What We're Listening to Right Now

Duel, Cactus Lee, Kady Rain, Sweetfeed, Startographers, and the You're Gonna Be Great 2 comp

What We're Listening to Right Now

Duel's In Carne Persona

Forged in Fire: You've binged its blademaking – all eight seasons, maybe. Literally metal, once embedded in your skull, those force-of-will contests can't be extracted. Sword in the stone.

Like the mandatory History Channel franchise, homegrown heshers Duel keep hammering out prize-winning Damascus at their Bastrop forge. Peak recording Valley of Shadows transmuted classic rock into a breakthrough biker bar battle cry. Fifth platter overall since a 2015 inception and now their fourth studio billet, In Carne Persona for Roman fanatics Heavy Psych Sounds follows up by quenching yet another finals-worthy chopper.

"Children of the Fire" gallops in on a NWOBHM maelstrom voiced by foghorn Tom Frank. Intonation from the mount – resonant, vast – the frontman rides the vocal mic through time, space, and eternity. Guitar herder Jeff Henson engineers that charge alongside bass collusion by Shaun Avants and drum fire from Justin Collins. Mid-album disembowelers "Bite Back," "Wave of Your Hand," and highlight "Dead Eyes," a spiraling psych burner, bang heads and anvils alike.

Nine songs over 39 minutes, In Carne Persona concludes with its longest cut, "Blood on the Claw," which gouges trademark Duel: Seventies desert mysticism, British kit work, and a lashing tempo. Throbbing, cutting, resigned, its "sunken eyes and broken dreams" echo across 2021 like life itself: forged in flames. – Raoul Hernandez


Cactus Lee's The Lagniappe Sessions

Cactus Lee went stag in Brooklyn. The ever-changing Austin outfit, led by Kevin Dehan, was joined by local New York musicians who filled in for a one-off show at Skinny Dennis. It is there that Cactus Lee recorded a four-song live session for Aquarium Drunkard's Lagniappe Sessions. For the EP, Dehan chose songs from standard bearers in Bob Dylan, Buffalo Springfield, Arlo Guthrie, and Don Nix. The tracks are pleasantly subdued, and framed by the unraveling of Dehan's middleweight drawl and pure intonations of dobro and pedal steel. Maybe it's the water, but here Cactus Lee takes on the unrestrained qualities of Big Pink through standouts "Going Down" and Dylan's winding "A Hard Rain's a-Gonna Fall." – E. Ryan Ellis

Kady Rain Goes Pop-Punk on "Got Away"

Austin's voice of glittery electronic pop has been taking us on some left turns lately. First, Kady Rain surprised listeners by twanging country-folk heartstrings with "Take Me Home" and now she's turned her hypermelodic sensibilities to pop-punk with "Got Away." The single, produced by rock & roll faith healer Frenchie Smith, sounds like Green Day crossed with Mariah Carey's secret mid-Nineties punk single (Chick's "Malibu"). Delicious, palm-muted, uptempo alt with a potent hook: The green-haired singer eviscerates a toxic ex, breaking the bouncy, snotty melody to deliver romantic wrath with charismatic attitude. – Kevin Curtin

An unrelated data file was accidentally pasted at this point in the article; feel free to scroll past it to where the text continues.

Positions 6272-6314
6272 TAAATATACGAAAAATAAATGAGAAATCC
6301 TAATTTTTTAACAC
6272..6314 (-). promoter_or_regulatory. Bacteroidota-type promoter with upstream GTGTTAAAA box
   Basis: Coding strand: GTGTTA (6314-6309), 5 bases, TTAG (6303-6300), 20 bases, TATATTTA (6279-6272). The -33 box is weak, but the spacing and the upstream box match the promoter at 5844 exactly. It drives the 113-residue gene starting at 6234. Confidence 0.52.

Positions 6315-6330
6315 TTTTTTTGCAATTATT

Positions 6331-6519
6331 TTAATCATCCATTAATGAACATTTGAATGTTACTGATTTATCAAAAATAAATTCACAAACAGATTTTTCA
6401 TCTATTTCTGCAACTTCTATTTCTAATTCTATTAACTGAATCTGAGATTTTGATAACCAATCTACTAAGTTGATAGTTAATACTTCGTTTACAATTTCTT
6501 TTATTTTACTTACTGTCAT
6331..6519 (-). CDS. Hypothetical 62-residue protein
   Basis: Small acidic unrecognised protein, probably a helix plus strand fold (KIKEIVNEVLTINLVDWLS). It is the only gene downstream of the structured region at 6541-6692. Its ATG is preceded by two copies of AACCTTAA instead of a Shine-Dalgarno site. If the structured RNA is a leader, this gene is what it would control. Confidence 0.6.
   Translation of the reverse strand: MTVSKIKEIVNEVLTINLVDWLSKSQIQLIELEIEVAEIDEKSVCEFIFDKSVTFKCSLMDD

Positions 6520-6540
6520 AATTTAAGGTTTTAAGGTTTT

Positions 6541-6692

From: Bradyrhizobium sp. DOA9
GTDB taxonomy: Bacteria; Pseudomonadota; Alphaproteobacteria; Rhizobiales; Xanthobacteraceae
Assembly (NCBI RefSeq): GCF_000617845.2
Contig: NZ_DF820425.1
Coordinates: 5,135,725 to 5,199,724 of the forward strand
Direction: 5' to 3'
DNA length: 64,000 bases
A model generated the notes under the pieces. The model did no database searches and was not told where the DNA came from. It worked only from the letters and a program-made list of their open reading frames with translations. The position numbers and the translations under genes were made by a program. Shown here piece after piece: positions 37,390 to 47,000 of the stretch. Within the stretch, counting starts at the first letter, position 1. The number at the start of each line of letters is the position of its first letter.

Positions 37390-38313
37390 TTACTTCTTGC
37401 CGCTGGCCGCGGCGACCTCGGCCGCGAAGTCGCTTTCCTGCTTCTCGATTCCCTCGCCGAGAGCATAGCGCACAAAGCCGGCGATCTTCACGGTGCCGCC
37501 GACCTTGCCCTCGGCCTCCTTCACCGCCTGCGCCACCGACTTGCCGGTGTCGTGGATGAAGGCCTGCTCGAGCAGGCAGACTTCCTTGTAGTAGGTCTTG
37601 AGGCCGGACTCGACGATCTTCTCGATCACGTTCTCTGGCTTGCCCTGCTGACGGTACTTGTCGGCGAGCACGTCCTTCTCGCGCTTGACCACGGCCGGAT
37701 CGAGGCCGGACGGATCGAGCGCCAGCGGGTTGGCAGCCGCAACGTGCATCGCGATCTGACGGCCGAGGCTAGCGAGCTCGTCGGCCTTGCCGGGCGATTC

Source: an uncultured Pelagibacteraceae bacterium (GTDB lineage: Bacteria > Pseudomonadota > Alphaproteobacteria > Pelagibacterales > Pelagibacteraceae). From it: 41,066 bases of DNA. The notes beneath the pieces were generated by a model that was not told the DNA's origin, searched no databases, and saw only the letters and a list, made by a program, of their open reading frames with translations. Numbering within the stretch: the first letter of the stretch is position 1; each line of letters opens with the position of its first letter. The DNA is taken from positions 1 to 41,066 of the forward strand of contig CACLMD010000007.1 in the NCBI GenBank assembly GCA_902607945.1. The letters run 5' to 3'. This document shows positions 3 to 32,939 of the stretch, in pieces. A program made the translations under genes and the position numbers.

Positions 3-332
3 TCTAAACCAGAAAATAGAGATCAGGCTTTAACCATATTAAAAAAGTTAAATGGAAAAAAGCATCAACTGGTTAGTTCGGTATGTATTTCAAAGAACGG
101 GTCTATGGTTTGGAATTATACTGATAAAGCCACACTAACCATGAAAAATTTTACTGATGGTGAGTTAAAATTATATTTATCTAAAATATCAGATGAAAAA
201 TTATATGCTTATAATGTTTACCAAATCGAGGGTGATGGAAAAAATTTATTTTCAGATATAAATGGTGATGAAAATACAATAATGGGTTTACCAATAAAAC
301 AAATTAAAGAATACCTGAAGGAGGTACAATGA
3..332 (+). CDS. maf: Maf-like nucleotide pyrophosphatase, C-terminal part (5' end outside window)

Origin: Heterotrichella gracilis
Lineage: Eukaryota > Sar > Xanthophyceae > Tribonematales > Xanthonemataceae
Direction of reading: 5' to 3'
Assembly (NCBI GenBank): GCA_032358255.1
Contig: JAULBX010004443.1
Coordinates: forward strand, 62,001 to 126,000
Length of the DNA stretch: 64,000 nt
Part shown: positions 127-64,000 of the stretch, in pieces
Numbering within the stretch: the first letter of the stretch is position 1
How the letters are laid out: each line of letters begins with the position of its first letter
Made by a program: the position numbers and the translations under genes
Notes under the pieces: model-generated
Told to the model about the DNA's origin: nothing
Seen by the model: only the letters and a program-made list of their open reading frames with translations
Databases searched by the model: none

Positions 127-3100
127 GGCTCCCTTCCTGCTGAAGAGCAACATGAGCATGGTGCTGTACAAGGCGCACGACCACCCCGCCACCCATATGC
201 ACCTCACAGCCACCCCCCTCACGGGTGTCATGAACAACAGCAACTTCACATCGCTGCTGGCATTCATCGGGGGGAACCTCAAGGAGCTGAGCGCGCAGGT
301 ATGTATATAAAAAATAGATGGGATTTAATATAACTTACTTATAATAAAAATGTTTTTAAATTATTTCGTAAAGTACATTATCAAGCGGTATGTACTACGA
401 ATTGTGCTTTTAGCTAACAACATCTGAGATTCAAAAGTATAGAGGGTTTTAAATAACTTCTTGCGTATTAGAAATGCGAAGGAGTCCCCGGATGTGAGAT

You're Gonna Be Great 2 Compilation Supports Fund Texas Choice

Countering passage of anti-abortion law Senate Bill 8, 79-track compilation You're Gonna Be Great 2 benefits nonprofit Fund Texas Choice, which pays for Texans' travel to abortion clinics. The excellent assembly on Brooklyn's Steakhouse Records includes a wealth of Austin artists, accepting donations at steakhouserecords.bandcamp.com. Acoustic guitar leads Fuvk's twisty poetics ("mixtli"), Virginia Creeper's somber folk hypnosis ("Super 8"), and Raul Gonzalez Jr.'s inquisitive pop ("Dungeon Master of Puppets"). Explore both sides of local Sowmya with organically spun electronic duo Felt Out and newly solo as Plume Girl. Relentless post-rockers Glaze and spunky singer-songwriter Dylan Pacheco join too. Beyond Texas, Seamripper melds Northeast indie standards Frankie Cosmos, Gabby's World, and Barrie. –Rachel Rascoe


Startographers Evoke College Rock with "Hollow"

It's hard for those who lived it to believe the college/alternative rock wave that briefly dominated music culture in the late Eighties/early Nineties is old enough to be retro, at least for the unenlightened. Behold Startographers, a local quartet comprised of members from Magnet School, Honeyrude, and Schatzi. "Hollow" soars on a melody derived from the Eighties' Britwave of neo-psychedelia, but it's powered by the distorted muscle of American grunge and proto-punk. If you're getting Catherine Wheel and Swervedriver vibes, you're not alone, and if that induces giddy head-nodding and air guitar, you're not alone there, either. – Michael Toland


Sweetfeed's "The Powder Room"

Soft synths plume and strutted bass vamps in Sweetfeed's lipstick smeared "The Powder Room." Following in the same thread of previous singles, ballad "Picture of My Heart," and twang pickin' "Highway of Hearts," the moody number cruises in leather-seated luxury kissing off with a smooth and polished varnish reminiscent of Eighties yacht rock ilk. There's heaps of soul too as Justin Smith's vocals hold a mirror to Daryl Hall's falsetto finesse while loose wah-wah guitar-lined atmospherics percolate with gravity-defied croons that lift-off. – Alejandra Ramirez

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